There’s now huge pressure on all sorts of decisions. Strategic decisions, such as ‘what products and services should we offer our customers?’ or ‘shall we invest in offering lower prices or enhanced customer services?’, all the way through to tactical decisions, such as ‘what products shall we show each customer who visits our website?’ or ‘which image should we put at the top of our marketing emails?’
Supporting individuals to make the best possible decisions, in any situation, is vital.
Decision intelligence to the rescue?
In the face of such pressure, it’s logical to look for support from technology to improve decision making. More specifically, AI and data science. These much-heralded disciplines indeed offer great potential to help us cut through the forest of information and improve the odds of making the right calls. However, a few words of caution.
Finding, hiring, and retaining AI and data science talent is HARD! Covid-19 has dramatically increased the already fierce war for talent in this space. With remote working now commonplace, a retailer in Runcorn could feasibly complete with a Silicon Valley tech giant for the same software engineer or data scientist, with little doubt about who the candidate would choose.
Thankfully there’s hope on the horizon, and it comes in the form of the recently established discipline of decision intelligence, pioneered by Cassie Kozyrkov, Google’s Chief Decision Scientist. The decision intelligence movement is rapidly gathering pace, fuelled by Gartner naming it one of their top strategic technology trends for 2022.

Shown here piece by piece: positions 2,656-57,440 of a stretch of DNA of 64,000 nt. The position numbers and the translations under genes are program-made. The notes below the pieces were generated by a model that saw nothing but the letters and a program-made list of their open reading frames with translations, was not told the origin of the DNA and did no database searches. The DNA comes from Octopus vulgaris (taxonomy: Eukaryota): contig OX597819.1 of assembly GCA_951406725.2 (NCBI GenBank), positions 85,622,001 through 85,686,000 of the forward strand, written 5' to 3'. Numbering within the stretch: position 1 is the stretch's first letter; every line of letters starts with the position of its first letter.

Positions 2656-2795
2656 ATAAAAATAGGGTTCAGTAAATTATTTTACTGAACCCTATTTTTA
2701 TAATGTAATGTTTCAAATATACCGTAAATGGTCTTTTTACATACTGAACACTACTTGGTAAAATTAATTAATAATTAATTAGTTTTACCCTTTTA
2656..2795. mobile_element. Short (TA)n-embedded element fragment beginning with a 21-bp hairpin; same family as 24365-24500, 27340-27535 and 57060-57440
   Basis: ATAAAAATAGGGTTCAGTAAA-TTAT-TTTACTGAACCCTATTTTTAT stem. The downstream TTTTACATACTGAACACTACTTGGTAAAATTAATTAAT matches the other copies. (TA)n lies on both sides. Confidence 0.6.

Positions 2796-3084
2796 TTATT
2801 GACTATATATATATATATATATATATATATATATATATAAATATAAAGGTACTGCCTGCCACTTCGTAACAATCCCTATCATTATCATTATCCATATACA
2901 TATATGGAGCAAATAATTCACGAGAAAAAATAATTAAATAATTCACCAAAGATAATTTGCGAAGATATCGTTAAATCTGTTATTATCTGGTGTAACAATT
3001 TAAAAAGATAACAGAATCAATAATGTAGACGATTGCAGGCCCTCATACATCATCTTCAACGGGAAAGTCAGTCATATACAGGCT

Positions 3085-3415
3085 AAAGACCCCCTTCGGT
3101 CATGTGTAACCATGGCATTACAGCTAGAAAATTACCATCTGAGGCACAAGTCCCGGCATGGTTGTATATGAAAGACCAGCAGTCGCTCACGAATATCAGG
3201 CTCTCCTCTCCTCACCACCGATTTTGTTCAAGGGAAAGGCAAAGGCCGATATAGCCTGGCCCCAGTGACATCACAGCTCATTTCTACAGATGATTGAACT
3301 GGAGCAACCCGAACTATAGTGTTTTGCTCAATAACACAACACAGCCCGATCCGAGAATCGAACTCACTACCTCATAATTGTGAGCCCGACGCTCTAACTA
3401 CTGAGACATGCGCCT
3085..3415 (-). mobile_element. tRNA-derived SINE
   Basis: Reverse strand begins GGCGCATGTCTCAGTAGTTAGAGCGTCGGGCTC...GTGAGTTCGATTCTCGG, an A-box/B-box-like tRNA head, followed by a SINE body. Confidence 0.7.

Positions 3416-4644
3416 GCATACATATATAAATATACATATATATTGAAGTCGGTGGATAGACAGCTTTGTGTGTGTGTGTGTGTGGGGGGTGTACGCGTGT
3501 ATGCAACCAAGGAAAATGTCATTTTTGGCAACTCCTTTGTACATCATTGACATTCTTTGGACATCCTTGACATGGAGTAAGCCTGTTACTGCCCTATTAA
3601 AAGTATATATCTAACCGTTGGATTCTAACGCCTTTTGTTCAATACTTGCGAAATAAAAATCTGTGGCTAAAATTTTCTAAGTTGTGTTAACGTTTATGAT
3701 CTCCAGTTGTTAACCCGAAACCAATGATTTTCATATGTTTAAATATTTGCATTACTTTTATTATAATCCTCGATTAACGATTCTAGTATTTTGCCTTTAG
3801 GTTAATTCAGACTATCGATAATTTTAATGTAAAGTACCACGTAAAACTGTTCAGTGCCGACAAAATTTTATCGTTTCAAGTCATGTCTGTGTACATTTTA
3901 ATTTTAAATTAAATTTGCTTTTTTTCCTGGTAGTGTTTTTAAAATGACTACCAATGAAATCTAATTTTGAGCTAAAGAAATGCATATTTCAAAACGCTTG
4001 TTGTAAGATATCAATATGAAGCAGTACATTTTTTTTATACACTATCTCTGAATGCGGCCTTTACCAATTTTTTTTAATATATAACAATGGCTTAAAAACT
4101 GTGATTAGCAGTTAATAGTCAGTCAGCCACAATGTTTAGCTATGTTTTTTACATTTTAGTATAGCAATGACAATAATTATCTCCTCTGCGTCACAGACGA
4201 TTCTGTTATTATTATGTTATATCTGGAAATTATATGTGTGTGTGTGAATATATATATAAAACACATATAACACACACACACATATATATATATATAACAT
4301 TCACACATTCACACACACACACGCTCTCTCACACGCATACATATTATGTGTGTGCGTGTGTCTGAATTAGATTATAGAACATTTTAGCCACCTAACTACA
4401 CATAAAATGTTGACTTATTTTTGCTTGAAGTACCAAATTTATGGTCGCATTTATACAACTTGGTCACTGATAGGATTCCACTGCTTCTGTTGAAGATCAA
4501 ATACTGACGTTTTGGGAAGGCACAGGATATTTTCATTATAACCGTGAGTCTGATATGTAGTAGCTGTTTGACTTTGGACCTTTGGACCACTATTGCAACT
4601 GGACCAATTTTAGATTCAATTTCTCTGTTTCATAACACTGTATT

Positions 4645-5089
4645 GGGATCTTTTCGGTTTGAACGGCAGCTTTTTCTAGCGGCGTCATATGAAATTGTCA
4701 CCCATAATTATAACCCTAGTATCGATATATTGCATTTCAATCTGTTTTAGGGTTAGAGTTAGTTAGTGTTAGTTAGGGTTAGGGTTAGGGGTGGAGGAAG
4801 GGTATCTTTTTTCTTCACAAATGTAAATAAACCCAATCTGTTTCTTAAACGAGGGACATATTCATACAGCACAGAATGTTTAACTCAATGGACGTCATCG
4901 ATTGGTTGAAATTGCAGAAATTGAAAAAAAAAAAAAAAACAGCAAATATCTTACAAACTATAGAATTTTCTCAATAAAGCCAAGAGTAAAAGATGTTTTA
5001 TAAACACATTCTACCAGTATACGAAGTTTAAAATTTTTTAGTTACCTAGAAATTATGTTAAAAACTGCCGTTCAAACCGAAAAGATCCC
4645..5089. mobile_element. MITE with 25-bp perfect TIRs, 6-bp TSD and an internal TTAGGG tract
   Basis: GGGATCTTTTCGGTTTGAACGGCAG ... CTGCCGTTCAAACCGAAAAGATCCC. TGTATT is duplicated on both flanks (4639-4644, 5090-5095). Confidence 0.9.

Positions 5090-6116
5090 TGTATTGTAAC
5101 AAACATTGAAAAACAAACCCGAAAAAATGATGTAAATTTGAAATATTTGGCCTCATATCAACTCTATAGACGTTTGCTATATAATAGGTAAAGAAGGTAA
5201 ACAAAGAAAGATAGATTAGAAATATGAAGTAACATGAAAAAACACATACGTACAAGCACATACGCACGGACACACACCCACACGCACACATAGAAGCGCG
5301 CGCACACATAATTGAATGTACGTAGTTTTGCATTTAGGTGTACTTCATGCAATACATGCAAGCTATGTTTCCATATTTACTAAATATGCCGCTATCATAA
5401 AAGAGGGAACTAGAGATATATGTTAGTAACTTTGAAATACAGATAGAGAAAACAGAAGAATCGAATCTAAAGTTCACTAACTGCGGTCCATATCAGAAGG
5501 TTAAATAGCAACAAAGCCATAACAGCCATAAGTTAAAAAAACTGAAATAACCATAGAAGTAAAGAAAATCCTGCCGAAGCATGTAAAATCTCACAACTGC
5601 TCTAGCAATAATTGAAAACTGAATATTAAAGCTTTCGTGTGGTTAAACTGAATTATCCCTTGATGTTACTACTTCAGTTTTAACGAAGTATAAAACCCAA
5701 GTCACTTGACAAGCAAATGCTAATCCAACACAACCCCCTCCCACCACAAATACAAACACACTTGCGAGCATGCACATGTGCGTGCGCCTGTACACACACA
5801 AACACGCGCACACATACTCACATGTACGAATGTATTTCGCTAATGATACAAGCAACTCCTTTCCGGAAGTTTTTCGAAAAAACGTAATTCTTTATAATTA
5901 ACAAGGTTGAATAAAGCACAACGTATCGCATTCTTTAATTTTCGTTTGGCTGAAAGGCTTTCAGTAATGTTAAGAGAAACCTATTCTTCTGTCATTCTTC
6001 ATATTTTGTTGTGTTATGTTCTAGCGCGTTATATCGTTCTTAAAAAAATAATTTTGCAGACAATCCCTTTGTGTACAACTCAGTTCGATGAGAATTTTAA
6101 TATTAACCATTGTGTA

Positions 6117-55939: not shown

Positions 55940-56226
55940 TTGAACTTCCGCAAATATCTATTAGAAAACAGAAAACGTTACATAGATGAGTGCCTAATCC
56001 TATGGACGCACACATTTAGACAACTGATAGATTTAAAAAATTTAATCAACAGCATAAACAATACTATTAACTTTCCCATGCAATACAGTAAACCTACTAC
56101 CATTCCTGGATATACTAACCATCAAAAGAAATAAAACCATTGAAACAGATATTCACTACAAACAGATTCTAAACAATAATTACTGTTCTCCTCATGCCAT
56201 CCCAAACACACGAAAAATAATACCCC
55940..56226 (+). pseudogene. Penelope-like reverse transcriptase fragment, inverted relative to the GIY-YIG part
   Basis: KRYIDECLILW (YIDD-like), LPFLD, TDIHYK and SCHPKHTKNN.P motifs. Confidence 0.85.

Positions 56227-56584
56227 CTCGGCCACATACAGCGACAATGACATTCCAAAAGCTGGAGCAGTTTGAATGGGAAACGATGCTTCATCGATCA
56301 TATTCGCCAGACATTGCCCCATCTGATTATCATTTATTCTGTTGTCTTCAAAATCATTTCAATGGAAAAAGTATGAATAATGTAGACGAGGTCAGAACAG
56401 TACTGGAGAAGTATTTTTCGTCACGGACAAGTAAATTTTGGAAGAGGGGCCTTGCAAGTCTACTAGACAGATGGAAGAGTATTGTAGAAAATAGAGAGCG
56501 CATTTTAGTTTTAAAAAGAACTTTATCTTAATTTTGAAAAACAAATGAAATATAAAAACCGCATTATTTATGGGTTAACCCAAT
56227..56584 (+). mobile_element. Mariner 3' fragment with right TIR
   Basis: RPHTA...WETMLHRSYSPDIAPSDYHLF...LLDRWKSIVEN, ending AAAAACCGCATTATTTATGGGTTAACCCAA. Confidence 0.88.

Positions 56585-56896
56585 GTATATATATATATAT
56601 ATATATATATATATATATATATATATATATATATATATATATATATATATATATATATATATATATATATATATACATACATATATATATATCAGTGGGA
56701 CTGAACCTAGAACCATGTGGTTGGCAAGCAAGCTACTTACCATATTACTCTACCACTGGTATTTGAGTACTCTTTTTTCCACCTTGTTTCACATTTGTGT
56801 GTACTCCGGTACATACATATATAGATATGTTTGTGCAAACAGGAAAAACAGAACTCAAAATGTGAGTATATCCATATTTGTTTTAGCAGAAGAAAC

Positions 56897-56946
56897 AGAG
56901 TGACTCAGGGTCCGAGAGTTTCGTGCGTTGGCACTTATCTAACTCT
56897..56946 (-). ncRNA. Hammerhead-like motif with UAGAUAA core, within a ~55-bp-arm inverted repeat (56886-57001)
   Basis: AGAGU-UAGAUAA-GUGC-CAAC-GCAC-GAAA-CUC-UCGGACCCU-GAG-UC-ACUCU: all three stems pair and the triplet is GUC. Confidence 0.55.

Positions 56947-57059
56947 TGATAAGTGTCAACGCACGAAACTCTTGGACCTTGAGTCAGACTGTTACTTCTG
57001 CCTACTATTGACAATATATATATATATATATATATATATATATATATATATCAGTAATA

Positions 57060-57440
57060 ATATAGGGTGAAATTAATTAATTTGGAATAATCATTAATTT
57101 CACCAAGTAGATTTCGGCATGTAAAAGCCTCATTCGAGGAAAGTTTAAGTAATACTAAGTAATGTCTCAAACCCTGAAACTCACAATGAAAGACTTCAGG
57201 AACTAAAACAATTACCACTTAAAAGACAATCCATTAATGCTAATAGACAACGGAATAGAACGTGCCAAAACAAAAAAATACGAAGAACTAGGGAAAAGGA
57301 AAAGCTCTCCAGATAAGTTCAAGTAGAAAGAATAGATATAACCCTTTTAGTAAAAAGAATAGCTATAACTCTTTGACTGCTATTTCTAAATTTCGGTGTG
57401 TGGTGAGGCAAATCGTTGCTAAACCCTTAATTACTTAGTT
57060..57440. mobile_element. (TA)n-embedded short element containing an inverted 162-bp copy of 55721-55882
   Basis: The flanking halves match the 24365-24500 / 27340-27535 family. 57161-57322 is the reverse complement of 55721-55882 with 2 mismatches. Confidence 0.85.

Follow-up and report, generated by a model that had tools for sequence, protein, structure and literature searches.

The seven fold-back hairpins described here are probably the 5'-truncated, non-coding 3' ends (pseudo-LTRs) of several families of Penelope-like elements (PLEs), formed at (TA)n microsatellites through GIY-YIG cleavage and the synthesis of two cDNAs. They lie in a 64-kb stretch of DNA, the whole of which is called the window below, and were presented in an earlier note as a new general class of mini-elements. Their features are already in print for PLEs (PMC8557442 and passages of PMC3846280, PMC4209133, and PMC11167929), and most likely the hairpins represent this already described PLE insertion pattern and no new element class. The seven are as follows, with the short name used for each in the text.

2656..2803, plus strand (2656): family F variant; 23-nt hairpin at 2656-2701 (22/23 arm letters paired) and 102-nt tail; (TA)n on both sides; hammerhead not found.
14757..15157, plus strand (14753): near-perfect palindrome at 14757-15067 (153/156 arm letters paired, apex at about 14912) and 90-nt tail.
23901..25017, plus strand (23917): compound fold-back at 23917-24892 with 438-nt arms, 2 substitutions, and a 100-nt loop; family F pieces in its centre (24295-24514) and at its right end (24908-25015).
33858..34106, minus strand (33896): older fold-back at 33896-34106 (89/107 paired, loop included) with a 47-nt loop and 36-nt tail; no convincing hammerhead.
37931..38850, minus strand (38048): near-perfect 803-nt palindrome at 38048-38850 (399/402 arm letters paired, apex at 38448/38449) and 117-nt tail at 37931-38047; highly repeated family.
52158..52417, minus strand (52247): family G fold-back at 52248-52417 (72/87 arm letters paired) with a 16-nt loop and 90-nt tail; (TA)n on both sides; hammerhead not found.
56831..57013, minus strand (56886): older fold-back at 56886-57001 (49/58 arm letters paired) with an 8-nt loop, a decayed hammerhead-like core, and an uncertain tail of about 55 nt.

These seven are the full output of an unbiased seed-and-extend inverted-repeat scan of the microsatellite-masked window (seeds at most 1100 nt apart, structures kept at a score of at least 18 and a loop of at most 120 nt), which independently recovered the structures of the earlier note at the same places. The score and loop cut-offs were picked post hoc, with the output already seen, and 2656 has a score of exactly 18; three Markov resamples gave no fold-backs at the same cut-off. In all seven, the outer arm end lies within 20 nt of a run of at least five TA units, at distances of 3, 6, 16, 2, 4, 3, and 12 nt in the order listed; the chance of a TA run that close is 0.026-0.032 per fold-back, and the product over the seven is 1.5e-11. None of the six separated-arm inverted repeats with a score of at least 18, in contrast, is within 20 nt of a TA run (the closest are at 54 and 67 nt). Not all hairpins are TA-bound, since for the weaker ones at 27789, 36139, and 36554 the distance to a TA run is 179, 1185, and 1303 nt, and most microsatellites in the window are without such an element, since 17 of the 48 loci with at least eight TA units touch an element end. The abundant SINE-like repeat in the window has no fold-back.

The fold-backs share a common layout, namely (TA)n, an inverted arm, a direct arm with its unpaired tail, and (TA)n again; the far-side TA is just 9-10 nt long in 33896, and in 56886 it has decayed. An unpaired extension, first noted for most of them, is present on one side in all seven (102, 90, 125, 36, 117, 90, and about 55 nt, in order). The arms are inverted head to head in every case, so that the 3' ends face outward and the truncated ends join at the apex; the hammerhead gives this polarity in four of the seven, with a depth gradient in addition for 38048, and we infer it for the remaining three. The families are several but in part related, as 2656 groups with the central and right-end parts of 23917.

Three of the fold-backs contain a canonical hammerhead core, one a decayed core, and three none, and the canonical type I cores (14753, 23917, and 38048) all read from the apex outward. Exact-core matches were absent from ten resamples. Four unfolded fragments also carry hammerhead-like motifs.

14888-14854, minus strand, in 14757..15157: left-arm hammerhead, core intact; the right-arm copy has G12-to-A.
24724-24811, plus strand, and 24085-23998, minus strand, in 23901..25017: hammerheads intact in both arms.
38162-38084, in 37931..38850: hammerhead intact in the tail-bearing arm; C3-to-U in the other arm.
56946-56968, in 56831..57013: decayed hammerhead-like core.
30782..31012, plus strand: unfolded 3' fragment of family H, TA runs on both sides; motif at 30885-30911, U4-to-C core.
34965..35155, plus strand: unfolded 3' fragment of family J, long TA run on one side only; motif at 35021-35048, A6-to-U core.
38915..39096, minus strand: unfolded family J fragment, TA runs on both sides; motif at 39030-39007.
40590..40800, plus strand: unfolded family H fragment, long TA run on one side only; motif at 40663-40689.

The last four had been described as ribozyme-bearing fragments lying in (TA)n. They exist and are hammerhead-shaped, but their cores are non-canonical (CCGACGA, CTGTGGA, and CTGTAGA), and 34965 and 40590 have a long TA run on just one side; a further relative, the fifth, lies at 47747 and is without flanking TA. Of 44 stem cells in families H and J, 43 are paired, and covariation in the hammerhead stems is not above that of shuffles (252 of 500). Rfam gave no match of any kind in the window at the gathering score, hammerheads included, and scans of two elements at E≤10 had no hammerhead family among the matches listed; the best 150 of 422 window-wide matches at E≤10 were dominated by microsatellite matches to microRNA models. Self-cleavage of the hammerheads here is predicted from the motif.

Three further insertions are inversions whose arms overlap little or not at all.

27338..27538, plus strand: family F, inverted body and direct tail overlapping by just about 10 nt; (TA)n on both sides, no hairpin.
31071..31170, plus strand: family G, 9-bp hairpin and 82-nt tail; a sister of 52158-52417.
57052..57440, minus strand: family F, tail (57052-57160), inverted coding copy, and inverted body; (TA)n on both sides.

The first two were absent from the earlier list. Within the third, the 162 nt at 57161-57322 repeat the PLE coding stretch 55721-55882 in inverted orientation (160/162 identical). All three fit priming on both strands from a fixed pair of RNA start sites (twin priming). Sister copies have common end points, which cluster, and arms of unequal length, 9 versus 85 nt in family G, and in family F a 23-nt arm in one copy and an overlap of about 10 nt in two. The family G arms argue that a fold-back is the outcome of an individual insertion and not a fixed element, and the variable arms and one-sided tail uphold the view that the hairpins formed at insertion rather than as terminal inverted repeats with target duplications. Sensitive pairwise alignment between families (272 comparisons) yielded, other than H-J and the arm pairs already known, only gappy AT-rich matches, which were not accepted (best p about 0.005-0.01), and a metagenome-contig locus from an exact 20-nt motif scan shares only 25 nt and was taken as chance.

Like many other technology trends, the definition of decision intelligence varies according to who you ask. For example, Cassie Kozyrkov refers to it as “an interdisciplinary field concerned with all aspects of decision-making. It combines Data Science (statistics, machine learning, AI, analytics) with the Behavioral Sciences (psychology, neuroscience, economics, and the managerial sciences).” Whereas Gartner state “decision intelligence improves organisational decision making by modelling decisions through a framework.”
Customer-led decision intelligence, powered by AI and data science.
As for Hyper, we believe in keeping things simple. We also firmly believe delivering the best possible experience for customers is by far the most important thing a business can focus on to deliver commercial growth.
Customers expect relevant experiences at every turn, delivered instantly, as they’ve come to expect from the likes of Amazon, Google, Netflix, and the world’s other leading consumer bands.
Therefore, to us, decision intelligence is enabling people to make better, faster decisions which centre around customers, and ultimately drive improved commercial results.